Re: [Gimp-developer] Adobe software issues

Considering the fact that Adobe even has a separate program called Adobe Camera Raw, I don't see why gimp should necessarily include a raw loader. Perhaps maintainers could bundle gimp with ufraw, but to combine the two projects makes little sense.
Perhaps ufraw could be displayed more prominently on the gimp website? AFAIK, it supports higher the high bit-depth loading in gimp-2.9.

On Wed, May 8, 2013 at 8:36 AM, Guillermo Espertino (Gez) <gespertino gmail com> wrote:
El 08/05/13 09:26, Elle Stone escribió:

This isn't a direct reply to your question, as you are asking whether
Gimp itself can or will handle raw processing and I'm not sure
when/whether the Gimp developers intend to go that direction. But
there are two alternative approaches already being used by many people
who use Gimp:

First, at least two open source raw processors have plugins to allow
use with Gimp:

Second, Raw Therapee (and no doubt most other open source raw
processors) allow the possibility of setting things up so that the
processed image is automatically sent to Gimp:

Almost all raw processors (proprietary and open source) use dcraw to
decode (but not to process) the raw images. So when dcraw adds support
for a new camera, the various raw processors also update their code,
usually very quickly in git/subversion/etc, more slowly in terms of an
actual new release.

If you need immediate support for a new camera that is not yet
supported by your chosen raw processor, dcraw (command line) can be
used to process the image (it's easier than you might think, even if
you don't usually use the command line).

Even if a new camera isn't yet supported officially by dcraw, usually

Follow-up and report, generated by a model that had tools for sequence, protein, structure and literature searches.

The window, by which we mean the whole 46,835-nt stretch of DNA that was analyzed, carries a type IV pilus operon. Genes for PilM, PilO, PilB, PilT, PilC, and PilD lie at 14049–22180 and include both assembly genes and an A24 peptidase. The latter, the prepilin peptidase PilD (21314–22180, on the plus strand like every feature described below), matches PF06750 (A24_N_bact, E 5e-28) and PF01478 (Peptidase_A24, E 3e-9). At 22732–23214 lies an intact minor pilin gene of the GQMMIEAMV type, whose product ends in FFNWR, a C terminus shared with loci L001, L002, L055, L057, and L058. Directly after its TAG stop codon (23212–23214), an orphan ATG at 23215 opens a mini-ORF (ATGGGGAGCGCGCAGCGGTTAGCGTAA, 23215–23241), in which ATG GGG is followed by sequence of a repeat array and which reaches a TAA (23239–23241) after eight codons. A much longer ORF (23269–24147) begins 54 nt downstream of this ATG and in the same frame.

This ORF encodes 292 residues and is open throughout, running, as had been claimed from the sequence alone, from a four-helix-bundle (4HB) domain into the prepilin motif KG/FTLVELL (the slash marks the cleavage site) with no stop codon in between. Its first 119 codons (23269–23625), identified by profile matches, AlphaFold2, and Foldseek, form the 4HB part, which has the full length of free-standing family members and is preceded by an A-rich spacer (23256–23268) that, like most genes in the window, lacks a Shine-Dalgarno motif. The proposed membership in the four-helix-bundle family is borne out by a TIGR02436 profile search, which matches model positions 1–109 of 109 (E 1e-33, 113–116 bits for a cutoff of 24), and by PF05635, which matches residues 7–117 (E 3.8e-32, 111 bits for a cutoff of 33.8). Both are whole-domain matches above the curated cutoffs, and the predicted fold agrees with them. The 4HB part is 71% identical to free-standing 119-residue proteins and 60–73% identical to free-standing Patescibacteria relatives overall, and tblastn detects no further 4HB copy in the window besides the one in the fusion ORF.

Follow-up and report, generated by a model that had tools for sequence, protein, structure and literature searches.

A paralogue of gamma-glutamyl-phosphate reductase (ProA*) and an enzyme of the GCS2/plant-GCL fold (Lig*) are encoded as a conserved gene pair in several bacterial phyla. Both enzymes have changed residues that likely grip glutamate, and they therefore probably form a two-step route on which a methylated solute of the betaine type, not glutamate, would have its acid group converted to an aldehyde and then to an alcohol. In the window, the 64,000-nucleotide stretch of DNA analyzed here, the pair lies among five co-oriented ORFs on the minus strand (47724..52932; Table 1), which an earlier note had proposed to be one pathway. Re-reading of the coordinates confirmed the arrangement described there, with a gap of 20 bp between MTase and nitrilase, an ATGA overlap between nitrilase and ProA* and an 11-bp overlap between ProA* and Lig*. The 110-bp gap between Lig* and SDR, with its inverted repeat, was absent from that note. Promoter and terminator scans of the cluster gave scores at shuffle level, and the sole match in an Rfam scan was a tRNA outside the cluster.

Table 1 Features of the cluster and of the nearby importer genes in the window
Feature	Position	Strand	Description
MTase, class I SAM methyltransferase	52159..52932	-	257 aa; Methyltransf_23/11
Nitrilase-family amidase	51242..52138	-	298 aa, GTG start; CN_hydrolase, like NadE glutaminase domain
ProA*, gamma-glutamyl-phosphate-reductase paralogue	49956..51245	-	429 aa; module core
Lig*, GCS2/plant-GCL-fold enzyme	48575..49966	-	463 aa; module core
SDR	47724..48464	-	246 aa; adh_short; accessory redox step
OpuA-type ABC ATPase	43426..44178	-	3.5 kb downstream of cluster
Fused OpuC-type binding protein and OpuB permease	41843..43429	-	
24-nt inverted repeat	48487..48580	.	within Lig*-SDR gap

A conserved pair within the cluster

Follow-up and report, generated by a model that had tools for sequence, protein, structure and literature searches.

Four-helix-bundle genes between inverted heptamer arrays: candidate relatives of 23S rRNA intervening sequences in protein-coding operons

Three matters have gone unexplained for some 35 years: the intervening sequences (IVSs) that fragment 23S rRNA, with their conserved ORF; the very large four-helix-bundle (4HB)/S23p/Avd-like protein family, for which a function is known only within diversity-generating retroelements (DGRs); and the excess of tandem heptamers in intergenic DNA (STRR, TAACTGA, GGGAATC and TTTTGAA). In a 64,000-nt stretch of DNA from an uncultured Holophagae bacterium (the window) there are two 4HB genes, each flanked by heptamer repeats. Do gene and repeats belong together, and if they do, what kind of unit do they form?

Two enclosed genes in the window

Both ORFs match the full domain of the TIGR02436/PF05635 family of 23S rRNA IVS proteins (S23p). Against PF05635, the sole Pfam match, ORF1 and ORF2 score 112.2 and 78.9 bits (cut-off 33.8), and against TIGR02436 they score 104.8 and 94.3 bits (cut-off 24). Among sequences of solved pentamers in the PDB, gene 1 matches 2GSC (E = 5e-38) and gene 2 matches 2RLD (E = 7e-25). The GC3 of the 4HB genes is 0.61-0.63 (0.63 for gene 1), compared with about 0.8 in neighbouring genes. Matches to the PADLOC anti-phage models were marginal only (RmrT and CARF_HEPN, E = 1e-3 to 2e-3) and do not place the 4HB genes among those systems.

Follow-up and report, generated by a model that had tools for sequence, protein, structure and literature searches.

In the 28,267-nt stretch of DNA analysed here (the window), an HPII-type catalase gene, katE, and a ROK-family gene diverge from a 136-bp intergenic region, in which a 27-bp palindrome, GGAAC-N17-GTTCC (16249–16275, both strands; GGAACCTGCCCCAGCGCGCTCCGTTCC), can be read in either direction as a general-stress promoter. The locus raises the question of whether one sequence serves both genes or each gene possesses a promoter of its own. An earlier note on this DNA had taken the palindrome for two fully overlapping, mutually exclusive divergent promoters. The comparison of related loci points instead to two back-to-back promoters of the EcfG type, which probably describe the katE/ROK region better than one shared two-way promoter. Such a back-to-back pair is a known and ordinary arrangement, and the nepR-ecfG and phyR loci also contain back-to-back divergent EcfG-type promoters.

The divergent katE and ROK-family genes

you can decode it using the "-o 0" option to output raw color, in
which case you would need to create and apply a custom camera input
profile. The list of currently supported cameras is here:

and if you read the faqs (same page), you'll find suggestions for
getting a new camera supported more quickly than might happen if you
just wait until the camera winds its way through the usual channels.

The default ACR settings result in an image that has been made
"prettier" by application of a default black point, added contrast, an
S-curve, and some saturation, sharpening, noise removal, etc. The open
source "gui" raw processors (UFRaw, Photivo, RawTherapee, etc) all
have their own default "prettier" settings, but you probably would
want to experiment to find the settings that are prettier to you.
dcraw is a pure raw processor, that is, it doesn't do any
"prettifying" post-interpolation image processing, so the results will
look flat until you add your own curves, saturation, etc.

Kind regards,
Elle Stone

I'd add Darktable ( to the list. It's awesome although it's not available for windows, just Linux and OSX.

The aforementioned programs are specialized tools for RAW processing and can be used in conjunction with GIMP, pretty much like Adobe Photoshop uses Adobe Camera Raw as a gateway instead of offering tools for processing RAW directly in Photoshop.

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